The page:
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Since forming in Chicago in 1993, Star Period Star (*.*) has been crafting its unique blend of progressive, experimental, post, and pop rock. As the name *.* implies, the band covers the waterfront, not afraid of taking chances with unconventional song structures, and not shying away from a catchy melody either. Their music ranges from heavy to light, simple to complex, major-key inspired happiness to explorations into microtonality. However, you won’t hear a lot of jams in 4/4 from these folks. Some things that appear simple or even sound like mistakes may disguise layers of tightly arranged complexity. After releasing three 7” records on colored vinyl, one improv CD, and two studio CDs, Star Period Star was no more. Then after relocating to Savannah, Georgia, founding member Dan Sweigert reformed the band in 2013. Star Period Star then released its third studio album Can’t See the Forest in 2014 and began playing a series of shows in the Savannah area. This new lineup of the band features Pat Hamilton (Sinister Moustache) on keyboards, guitars, percussion and vocals, Greg Stark (Sinister Moustache) on bass and vocals, Corey Gronner (Elephant Talk) on drums, and Dan Sweigert on guitars, toys, and vocals. Star Period Star is embarking on a 10 state tour this spring playing mostly new material and a couple selections from the earlier albums. With a sound which fuses the nerves of New Wave, the hooks of classic pop, and the heady trickery of Progressive Rock, Dachshund’s music can be hard to describe in a few words, or with a short list of influences. We’ve been passingly compared to Radiohead, Hum, David Bowie, Helmet, King’s X, Steely Dan, and Incubus. Our music has been called unexpected, inspired, and fun. “We just write the kinds of songs we’d like to hear,” says Ryan Dannar, who plays guitar, sings, and writes half of the band’s material. “We try to make thoughtful, heartfelt music that comes from somewhere real.” Dannar contrasts Dachshund’s music-first methodology with that of more commercially-minded bands. “There are a lot of bands who treat their music like product,” he says. “When I listen to what’s on the modern rock and pop stations, that’s almost all I hear. There’s very little of anything genuine going on there. It’s just the sound of people trying to make money by copying a sound that has proven to make money in the past. They’re thinking more about how to sell a product than making any kind of artistic statement. And that attitude affects smaller bands, too. It’s contageous. It creates a culture where unoriginality is prized over genuine expression, where people are afraid to think outside the box or come up with anything new. So, maybe it sounds pretentious or too idealistic, but we just want our music to be an antidote to all of that.”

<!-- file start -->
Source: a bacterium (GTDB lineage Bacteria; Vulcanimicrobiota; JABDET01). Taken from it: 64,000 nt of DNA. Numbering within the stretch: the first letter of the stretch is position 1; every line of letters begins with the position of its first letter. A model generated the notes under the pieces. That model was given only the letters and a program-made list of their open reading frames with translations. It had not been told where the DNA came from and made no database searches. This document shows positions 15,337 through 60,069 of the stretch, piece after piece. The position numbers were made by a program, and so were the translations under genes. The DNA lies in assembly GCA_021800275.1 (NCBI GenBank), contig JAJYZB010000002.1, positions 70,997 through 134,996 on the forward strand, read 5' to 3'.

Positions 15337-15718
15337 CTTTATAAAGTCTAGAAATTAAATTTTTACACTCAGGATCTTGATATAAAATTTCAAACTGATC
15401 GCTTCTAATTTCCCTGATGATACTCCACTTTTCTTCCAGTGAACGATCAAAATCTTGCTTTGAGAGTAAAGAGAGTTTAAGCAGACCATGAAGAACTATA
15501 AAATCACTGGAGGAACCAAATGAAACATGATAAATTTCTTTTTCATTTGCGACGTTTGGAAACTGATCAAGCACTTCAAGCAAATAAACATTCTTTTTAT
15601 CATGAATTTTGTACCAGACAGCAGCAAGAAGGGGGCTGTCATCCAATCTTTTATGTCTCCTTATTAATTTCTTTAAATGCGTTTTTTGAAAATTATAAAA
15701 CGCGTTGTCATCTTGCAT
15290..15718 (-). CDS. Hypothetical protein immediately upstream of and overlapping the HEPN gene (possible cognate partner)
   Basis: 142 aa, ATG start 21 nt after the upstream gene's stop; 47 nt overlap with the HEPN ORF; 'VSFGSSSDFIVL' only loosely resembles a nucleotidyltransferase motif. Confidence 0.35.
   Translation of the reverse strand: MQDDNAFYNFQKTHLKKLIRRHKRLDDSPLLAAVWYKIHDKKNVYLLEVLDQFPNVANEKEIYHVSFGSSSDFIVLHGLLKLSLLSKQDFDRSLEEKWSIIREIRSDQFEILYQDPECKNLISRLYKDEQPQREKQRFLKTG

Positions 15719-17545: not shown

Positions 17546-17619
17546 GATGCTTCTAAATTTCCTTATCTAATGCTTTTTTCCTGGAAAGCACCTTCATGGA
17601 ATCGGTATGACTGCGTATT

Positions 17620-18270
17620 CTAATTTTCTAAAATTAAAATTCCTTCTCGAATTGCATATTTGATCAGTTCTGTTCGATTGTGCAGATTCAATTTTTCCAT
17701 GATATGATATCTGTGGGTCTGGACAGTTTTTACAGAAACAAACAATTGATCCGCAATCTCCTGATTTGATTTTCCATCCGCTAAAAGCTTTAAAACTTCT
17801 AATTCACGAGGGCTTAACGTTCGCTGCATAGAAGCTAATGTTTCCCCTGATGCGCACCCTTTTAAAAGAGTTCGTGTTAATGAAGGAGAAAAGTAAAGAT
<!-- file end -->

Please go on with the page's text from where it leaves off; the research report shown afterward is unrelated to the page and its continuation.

8 great bands for a ten-spot!
Sounds Like: Radiohead, PIXIES, Steely Dan, David Bowie (Official), Incubus
Bio: Like the animal we’re named after, Dachshund is a strange but appealing breed. Our music borrows in equal measure from New Wave, Punk, Classic Pop, and Progressive Rock, resulting in songs which blur genre lines and challenge listener expectations.
Because our music resists easy categorization, ...See Full Bio
“This is a phenomenal self-made debut from a Tulsa band that has yet to make much of dent outside of Oklahoma and Arkansas. What a shame that is because these guys certainly have the goods. From the riff-heavy album opener "Hills to Climb" to the surprising and psychedelic folk of the title track (which hearkens back to the quieter moments of Ronald Jones-era Lips), the first *side,* in the old parlance, of this short-form album demonstrates tight musicianship, excellent production work, and nothing short of lyrical genius, especially on the deliciously dark "Illegitimate One," a wild west tale of fatherhood gone horribly wrong--not for the faint of heart. But moodiness is not what Dachshund is all about. Rather, the band traffics in an honest and intelligent exploration of emotions, relationships, and stories that offer resonance for all of us, but for which rock bands seldom seem brave enough to dip so much as a toe into.”